Here are a few of my favorite things I did in Paris, in no particular order:
Climbing the steep hill to Sacre Coeur left me breathless. When I stepped inside this immense cathedral I felt awed by the grandeur. Arriving at sunset was an extra treat…Paris was awash in golden light. I brought a picnic dinner and sat on the grass to enjoy my feast with a view, then stayed until dark to watch the city begin to twinkle.
A short subway ride from Sacre Coeur, the Arc d’Triumph was impressively large and gave a wonderful view of the Eiffel Tower and the wide boulevards of Paris, laid out below on interlocking axis. I found myself thinking, if city planners back then knew how to lay out such a beautiful, livable city, why don’t modern city planners apply some of these same ideas?
As the Eiffel Tower twinkled in the distance, I savored a moment of being fully present. I felt overwhelmed with gratitude that I had begun my journey.
Beneath the Arc was the somber Tomb of the Unknown Soldier, a monument to unidentified fallen soldiers everywhere.
Paris’ most iconic monument, the Eiffel Tower was an essential stop on my first visit to the City of Light. I rode the creaking lift to the top and marveled at the feat of engineering the tower was when it was first built for the World’s Fair in 1887. It was freezing at the top, but I circled the tower and even stopped off on the second level to check out the see-through floor (yikes!). I was lucky enough to visit on the hour and got to see the tower alight with thousands of strobe lights flashing in the night.
The Louvre and Jardin les Tuileries
Unless you have museum superpowers, limit your time at the Louvre to a half day (2.5-3 hours) and don’t try to see everything in one visit (like I did). When I couldn’t look at another famous painting or statue without going cross-eyed, I finally headed outside and into Jardin les Tuileries, a beautiful park filled with fountains, fruit trees and walking paths. Gasping for fresh air, I collapsed into one of the green chairs around the fountain, and joined the local Parisians in watching the world spin by. It was the best part of my day so far.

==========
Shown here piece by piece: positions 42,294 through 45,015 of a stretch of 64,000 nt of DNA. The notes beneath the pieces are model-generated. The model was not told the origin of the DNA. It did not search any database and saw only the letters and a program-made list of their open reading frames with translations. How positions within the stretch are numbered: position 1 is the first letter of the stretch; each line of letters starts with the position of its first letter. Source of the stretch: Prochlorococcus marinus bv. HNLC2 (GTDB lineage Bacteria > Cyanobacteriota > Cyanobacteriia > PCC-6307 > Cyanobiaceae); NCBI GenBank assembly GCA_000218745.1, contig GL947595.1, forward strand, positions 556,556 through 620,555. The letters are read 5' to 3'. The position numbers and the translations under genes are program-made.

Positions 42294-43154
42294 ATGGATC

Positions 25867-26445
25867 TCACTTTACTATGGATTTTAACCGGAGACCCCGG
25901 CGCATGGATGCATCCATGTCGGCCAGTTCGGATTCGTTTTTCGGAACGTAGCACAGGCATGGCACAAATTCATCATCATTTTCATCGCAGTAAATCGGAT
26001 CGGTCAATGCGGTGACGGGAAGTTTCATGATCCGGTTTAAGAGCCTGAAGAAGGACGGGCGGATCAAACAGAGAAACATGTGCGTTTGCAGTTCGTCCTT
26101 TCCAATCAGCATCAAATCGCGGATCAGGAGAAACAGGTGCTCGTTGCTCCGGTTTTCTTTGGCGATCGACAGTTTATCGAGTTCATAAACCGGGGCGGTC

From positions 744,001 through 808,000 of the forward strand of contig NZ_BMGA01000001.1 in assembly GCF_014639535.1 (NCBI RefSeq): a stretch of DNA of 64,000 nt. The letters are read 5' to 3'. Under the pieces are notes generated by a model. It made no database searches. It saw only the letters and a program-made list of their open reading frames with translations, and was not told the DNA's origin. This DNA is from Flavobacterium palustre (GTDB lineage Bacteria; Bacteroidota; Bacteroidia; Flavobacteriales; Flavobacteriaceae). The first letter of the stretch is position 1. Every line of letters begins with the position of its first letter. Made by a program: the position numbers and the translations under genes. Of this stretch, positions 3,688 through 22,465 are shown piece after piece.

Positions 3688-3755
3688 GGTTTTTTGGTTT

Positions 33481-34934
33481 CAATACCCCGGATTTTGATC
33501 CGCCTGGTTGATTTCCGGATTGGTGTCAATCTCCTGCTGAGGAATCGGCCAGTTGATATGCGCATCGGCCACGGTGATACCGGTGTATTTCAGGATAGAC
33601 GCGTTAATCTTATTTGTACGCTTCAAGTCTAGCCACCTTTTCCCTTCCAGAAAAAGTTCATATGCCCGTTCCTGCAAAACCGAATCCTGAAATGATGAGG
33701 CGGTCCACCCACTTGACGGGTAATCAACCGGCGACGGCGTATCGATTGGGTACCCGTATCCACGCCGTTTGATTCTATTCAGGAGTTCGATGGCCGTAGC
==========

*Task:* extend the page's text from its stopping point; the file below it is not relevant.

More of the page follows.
Bicycling along the Seine
Paris has a wonderful network of city bikes available at stations around the city. I felt like a local as I rented my bike for a few Euros and pedaled along the scenic banks of the Seine in the late afternoon sunlight. I passed arcing bridges and flat riverboats, some of which had been converted into cafes and fancy restaurants. However, my lovely afternoon ride turned into a misadventure when I couldn’t find another bike station to drop my bicycle off near Notre Dam. Defeated, I pedaled all the way back to where I had borrowed the bicycle in the first place, then set out by foot back towards the grand cathedral. Unfortunately, I arrived too late to enter and had to be satisfied with snapping a few photos in the square out front. C’est la vie!
This wonderful museum is filled with impressionist and post-impressionist works by masters such as Monet, Manet, Degas, Renoir, Cezanne, Gauguin and Van Gogh. If nothing else, it was worth a stop inside to see the beautiful art nouveau building (a former train station) that the museum is housed in—plus the stunning view of the city through the clock face.
A short train ride from Paris, I explored the Palace at Versailles, The Gardens, The Grand Trianon and Marie Antoinette’s Estate. Luckily, I was able to rent a bicycle to get around the gardens (which are more like an enormous park), otherwise this would have been nearly impossible to do in a single day. It was incredible to feel the history that had happened in this beautiful setting. As I listened to the audio tour, I imagined these exciting historical events happening along the clandestine garden paths and in the opulent palace rooms; filled with mirrors, gold everywhere, sparkling chandeliers and velvet wallpaper (that typically matched the drapes and the upholstery). What a wild world the French monarchy lived in!
Back in Paris, I enjoyed an evening out in the Latin Quarter with a friend, who happened to be in Paris for fashion week. We caught up over a glass of wine, then wandered through the busy streets until we found a tapas bar that served sangria by the pitcher. The Latin Quarter was alive. Music spilled out of bars and the streets were filled with people smoking cigarettes, drinks in hand, chatting and laughing. After cruising solo for a few days, it was the perfect way to celebrate the end of my time in Paris.
Next, I was off to Prague!